Archive for Japan

Interview With Second-Year Student from Japan

We rolled out more decisions yesterday but the Committee does still have work to do.  Decision notifications will definitely extend in to next week.  We are still deliberating on all three classes of admission offers:  admit, waitlist, and those we will be unable to offer admission to.  For those of you still waiting I know it is hard, but we are working as fast as we can.

I thought I would take a break from pure admission entries and go with a recent interview today.  Enjoy.


Junji Koike

MPA candidate 2011:  Second year student with a concentration on IFEP

Junji Koike is originally from Japan. His undergraduate degree is from Keio University. After he earned his degree in Policy Management, he worked as a policy researcher in the Japanese think tank Nomura Research Institute. While working there, he got involved with projects related to public management, public finance and local government. He is planning to go back to Japan after SIPA.

What attracted you to SIPA?

Considering my background at Nomura Research Institute, SIPA was the ideal school. First, SIPA covers a broad range of issues related with public policies around the world. SIPA has helped me to explore interlinked public policy subjects by offering multiple kinds of lectures, seminars, and events.

Secondly, many professors at SIPA are experienced professionals. I’ve taken lectures and seminars with public officials including the former Mayor of New York City and international bankers as well as well-known academics. These professionals have offered me very vivid practical knowledge as well as a unique academic perspective.

Thirdly, the location of SIPA is excellent. Thanks to its location, I have the privilege of having lectures from world leaders, such as Bill Clinton and Kofi Annan, senior officers of the United Nations and New York City government, and various mass media pundits.

What prepared you to come to SIPA?

I often feel that my experience as a policy researcher have helped me to study and work with the other SIPA students, particularly, my public policy knowledge, my project management and data analysis skills, and my perspective as a Japanese researcher.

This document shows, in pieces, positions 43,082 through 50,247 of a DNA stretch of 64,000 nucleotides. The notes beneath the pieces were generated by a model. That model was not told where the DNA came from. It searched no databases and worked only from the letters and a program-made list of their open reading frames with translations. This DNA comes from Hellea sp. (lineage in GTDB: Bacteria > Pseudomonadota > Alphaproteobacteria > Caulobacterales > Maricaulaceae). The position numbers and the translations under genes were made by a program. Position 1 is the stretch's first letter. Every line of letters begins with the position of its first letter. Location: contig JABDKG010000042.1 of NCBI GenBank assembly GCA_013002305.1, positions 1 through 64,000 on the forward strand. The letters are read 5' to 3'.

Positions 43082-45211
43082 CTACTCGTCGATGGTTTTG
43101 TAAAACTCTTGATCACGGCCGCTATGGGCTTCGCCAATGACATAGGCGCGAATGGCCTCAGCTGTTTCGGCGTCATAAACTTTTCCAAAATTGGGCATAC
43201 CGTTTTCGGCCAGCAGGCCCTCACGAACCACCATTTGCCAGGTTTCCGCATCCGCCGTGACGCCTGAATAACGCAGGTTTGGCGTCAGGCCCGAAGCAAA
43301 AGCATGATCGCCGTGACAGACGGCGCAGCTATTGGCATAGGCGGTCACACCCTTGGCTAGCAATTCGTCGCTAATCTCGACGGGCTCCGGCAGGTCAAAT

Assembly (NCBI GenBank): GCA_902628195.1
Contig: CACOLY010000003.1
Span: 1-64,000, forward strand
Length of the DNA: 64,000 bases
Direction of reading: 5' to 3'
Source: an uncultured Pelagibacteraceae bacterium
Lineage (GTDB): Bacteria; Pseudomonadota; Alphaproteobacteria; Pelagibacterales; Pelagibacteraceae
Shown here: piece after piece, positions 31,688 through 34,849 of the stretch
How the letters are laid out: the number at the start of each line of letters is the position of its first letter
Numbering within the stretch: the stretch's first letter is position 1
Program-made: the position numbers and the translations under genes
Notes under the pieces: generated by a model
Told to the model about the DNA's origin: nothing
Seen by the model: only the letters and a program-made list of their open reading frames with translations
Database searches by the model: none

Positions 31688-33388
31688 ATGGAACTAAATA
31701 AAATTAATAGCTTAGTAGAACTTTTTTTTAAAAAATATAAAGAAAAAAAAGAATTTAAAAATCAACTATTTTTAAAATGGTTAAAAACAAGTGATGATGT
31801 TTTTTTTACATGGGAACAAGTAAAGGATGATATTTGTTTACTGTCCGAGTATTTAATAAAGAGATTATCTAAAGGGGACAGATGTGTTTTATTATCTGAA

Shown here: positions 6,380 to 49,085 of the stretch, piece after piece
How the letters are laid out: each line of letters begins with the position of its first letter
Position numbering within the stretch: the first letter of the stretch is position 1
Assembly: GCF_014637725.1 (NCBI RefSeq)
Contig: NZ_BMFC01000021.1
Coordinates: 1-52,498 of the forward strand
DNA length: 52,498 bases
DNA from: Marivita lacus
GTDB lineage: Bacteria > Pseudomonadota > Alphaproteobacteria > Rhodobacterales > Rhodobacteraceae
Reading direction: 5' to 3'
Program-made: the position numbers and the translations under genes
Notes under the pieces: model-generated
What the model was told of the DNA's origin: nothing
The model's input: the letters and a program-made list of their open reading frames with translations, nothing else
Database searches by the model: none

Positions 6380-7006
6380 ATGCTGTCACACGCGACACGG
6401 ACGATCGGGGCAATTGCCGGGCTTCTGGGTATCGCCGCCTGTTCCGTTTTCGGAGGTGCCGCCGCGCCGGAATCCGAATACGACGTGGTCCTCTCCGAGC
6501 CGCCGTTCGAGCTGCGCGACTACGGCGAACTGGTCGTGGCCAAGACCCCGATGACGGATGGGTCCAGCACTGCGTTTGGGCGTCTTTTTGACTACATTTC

What has been the most challenging part of your SIPA experience?

Many classes at SIPA require group work. This semester I am working with four different groups. It is common that these assignments have the same or close deadlines. Additionally, working with people from different backgrounds is sometimes challenging in terms of arriving to an agreement. I actually appreciate this challenge because I’m learning a lot about international collaborations from these group projects.

What kind of job would you like to get when you graduate?

I have been working for around 10 years at Nomura Research Institute, which is sponsoring my master’s at SIPA. So I have to go back and work for them once I graduate. But, I am so excited to go back because I’ll be able to apply what I’ve learned in SIPA to my job.

What advice would you give to a prospective student?

I would say, “Open up your heart!” Faculty and students in SIPA have fascinating backgrounds and they are ready to make a difference to the world. I often feel unlimited possibilities from SIPA people. “Please don’t underestimate your neighbors in SIPA!”

International Dual Degrees Explained

A while ago we posted an entry on the nuances of our dual degree programs with other Columbia schools.  In that entry I made mention of the fact that we also have partnerships with schools in other countries.  We refer to these dual degrees as international dual degrees.  The following entry is meant to provide information on these programs.  For information on the Columbia programs, please see this previous entry.


SIPA has partnered with a number of international institutions around the globe to offer a variety of dual degree programs.  Such programs allow students to study public policy from two different academic, cultural, and professional perspectives. After a two-year program of study, students are awarded both the relevant SIPA degree and a degree from our partner institution, thereby earning two masters degrees in the same amount of time it takes to obtain one.